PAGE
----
Moxibustion is a procedure whereby Moxa - a dried herb, usually of the species Mugwort (Latin name: Artemisia vulgaris) - is used either directly on the skin or just above the skin over specific acupuncture points or meridians. The herb is lit and as it smoulders slowly, heat permeates into the body and affects the flow of Qi and blood in the area being treated. Moxa is usually used when the patient's complaint is diagnosed as a 'cold' condition.
Moxa sticks are commonly used in more generalised areas (indirect Moxibustion). The sticks resemble a large cigar or an oversized incense stick, which is lit at one end and then held about an inch above the point or area to be treated. The stick is usually rotated or a 'pecking' motion is used to allow the heat to penetrate the body.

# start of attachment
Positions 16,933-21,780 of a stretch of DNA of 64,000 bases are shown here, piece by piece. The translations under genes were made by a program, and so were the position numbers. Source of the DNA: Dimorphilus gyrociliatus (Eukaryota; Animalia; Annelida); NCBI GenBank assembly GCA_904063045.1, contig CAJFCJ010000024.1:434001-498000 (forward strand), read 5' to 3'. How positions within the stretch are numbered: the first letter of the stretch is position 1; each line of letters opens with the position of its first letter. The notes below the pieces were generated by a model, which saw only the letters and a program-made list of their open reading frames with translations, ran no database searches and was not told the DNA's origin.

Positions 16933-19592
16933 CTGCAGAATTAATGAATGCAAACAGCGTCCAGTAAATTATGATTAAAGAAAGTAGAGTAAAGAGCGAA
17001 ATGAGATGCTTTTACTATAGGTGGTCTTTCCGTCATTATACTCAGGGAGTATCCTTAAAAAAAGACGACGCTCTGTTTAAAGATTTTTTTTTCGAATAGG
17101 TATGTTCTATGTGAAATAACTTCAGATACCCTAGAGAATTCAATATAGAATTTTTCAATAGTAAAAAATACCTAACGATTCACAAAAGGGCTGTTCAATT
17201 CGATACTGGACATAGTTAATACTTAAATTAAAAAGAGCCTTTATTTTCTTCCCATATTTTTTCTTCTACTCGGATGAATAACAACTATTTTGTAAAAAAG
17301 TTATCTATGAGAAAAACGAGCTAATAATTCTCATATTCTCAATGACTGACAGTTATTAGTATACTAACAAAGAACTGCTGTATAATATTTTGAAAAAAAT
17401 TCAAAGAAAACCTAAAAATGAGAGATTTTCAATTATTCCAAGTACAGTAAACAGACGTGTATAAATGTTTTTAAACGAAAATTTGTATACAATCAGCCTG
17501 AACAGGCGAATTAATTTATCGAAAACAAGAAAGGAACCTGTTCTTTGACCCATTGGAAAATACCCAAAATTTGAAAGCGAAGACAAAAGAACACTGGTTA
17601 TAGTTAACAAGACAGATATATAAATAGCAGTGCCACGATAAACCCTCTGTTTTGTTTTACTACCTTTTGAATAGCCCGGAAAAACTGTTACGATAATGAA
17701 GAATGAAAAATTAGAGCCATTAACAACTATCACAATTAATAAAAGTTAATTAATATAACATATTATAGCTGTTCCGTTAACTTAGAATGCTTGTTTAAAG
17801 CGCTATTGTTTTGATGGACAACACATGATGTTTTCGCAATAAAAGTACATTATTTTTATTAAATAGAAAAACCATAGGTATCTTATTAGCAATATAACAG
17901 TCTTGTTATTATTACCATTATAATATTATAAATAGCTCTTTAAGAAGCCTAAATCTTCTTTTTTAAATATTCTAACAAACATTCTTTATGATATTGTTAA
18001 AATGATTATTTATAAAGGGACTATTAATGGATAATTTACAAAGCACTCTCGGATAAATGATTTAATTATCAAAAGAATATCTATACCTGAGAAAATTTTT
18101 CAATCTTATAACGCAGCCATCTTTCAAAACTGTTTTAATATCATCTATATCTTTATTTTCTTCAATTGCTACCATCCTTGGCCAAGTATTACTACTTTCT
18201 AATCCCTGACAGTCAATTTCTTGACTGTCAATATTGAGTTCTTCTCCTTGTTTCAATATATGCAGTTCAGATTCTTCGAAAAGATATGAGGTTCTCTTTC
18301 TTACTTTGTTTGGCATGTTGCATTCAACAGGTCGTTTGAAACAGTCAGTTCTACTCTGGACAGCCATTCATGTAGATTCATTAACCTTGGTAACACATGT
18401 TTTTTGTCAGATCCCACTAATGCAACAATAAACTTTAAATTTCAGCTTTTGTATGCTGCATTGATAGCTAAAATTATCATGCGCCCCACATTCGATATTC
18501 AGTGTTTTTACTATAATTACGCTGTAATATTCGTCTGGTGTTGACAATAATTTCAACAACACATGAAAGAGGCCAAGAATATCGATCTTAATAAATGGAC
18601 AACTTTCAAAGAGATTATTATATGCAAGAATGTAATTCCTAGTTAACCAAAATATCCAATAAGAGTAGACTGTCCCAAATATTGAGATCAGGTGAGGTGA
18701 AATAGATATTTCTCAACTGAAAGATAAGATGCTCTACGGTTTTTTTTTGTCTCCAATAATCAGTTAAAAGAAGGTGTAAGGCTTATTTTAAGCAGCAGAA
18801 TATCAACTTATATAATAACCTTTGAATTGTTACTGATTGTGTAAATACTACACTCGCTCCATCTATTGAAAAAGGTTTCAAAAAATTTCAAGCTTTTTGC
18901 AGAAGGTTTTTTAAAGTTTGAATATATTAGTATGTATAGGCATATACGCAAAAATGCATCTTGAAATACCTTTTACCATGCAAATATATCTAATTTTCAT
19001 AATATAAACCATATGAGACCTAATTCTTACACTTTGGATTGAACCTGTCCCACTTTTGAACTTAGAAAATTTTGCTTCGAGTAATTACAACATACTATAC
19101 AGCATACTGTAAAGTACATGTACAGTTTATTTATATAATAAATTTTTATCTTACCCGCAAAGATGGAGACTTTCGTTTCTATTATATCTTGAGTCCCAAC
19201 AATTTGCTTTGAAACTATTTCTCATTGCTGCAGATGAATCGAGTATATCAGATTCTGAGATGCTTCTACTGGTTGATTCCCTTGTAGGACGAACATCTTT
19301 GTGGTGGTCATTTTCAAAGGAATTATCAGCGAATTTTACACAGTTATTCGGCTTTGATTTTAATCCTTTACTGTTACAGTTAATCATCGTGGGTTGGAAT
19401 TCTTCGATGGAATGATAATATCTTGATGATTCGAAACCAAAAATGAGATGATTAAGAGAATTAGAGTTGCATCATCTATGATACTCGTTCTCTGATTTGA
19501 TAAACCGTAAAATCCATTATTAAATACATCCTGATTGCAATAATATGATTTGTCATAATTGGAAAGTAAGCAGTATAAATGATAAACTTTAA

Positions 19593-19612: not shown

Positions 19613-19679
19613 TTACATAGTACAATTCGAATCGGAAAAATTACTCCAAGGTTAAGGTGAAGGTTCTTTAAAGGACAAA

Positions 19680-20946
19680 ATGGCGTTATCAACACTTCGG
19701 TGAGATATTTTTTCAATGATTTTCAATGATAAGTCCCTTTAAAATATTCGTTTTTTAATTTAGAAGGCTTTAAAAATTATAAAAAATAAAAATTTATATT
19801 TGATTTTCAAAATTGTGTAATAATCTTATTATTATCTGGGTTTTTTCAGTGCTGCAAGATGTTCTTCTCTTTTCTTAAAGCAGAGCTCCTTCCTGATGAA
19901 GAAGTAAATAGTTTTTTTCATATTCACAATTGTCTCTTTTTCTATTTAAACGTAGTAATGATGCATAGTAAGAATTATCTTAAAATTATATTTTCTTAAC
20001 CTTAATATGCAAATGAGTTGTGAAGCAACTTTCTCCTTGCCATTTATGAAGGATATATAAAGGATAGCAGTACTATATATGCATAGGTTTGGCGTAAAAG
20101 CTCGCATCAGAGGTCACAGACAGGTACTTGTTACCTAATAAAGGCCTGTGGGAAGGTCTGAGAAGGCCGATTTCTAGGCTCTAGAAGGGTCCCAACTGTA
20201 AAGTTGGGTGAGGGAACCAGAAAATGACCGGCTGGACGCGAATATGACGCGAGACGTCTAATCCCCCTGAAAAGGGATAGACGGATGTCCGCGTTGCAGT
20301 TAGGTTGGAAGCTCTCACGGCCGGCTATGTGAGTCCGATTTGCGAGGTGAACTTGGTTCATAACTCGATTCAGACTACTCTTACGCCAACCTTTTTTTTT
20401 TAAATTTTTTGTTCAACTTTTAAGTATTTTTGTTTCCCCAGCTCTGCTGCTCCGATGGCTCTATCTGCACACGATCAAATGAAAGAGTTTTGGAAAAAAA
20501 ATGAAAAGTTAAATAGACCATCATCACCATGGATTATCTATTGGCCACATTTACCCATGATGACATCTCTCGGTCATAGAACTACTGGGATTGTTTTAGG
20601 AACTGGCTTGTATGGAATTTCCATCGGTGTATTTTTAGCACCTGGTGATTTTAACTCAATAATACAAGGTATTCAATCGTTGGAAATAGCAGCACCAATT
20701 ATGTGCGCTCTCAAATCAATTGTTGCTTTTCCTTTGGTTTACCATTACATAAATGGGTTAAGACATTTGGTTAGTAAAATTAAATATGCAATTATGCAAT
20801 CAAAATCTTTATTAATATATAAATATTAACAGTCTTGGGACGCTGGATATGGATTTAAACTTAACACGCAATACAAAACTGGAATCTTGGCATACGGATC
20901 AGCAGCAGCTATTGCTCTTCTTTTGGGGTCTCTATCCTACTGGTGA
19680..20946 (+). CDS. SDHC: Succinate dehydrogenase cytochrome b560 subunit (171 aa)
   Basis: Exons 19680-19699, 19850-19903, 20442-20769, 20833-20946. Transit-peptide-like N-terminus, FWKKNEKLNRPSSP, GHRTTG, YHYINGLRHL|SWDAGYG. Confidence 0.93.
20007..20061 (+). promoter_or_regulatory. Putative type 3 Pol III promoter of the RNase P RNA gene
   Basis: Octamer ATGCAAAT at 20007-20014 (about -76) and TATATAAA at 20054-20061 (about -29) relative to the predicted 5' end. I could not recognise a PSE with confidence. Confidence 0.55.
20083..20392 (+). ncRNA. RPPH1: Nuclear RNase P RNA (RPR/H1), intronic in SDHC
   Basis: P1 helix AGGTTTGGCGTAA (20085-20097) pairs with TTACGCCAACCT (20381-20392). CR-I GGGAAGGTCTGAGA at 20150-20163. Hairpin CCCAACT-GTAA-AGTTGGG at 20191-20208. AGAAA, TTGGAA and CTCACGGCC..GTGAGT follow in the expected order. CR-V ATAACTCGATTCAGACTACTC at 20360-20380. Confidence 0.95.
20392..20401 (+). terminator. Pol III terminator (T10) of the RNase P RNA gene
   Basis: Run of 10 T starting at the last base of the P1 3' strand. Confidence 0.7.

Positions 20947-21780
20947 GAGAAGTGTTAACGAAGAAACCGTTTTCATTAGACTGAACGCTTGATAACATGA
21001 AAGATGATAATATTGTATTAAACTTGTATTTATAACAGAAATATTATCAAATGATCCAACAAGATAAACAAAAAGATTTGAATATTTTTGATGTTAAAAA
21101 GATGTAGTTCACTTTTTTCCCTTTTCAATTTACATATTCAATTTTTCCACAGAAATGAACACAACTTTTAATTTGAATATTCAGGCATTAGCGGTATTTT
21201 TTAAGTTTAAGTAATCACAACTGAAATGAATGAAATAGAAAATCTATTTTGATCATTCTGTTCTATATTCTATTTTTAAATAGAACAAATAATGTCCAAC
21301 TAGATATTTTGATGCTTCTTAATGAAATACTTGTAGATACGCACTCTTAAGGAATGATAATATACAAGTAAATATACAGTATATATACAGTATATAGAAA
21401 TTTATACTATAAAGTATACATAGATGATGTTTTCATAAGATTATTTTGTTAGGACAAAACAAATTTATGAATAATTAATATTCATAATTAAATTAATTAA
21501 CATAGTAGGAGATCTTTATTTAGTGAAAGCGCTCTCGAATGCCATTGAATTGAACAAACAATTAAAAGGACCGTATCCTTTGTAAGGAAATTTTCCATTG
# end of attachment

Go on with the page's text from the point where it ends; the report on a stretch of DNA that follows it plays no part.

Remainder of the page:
Direct Moxibustion is more commonly used for specific areas that need treatment. Practitioners shape Moxa into a tiny cone and place it directly onto the body. The cone is removed as soon as the patient feels heat.
The choice of when, where and which form of Moxibustion to use is a matter of clinical judgement for the properly trained practitioner as care is needed to ensure that the burning Moxa does not make direct contact with the skin.
Moxibustion is an essential part of Chinese medicine and cannot be omitted or substituted in most cases. As is the case with numerous other products, Moxa has an odour when it burns. Although this odour is considered by many to be therapeutic, some people can be allergic to the smoke generated or to the odour itself in which case a smokeless variety can be found and utilised.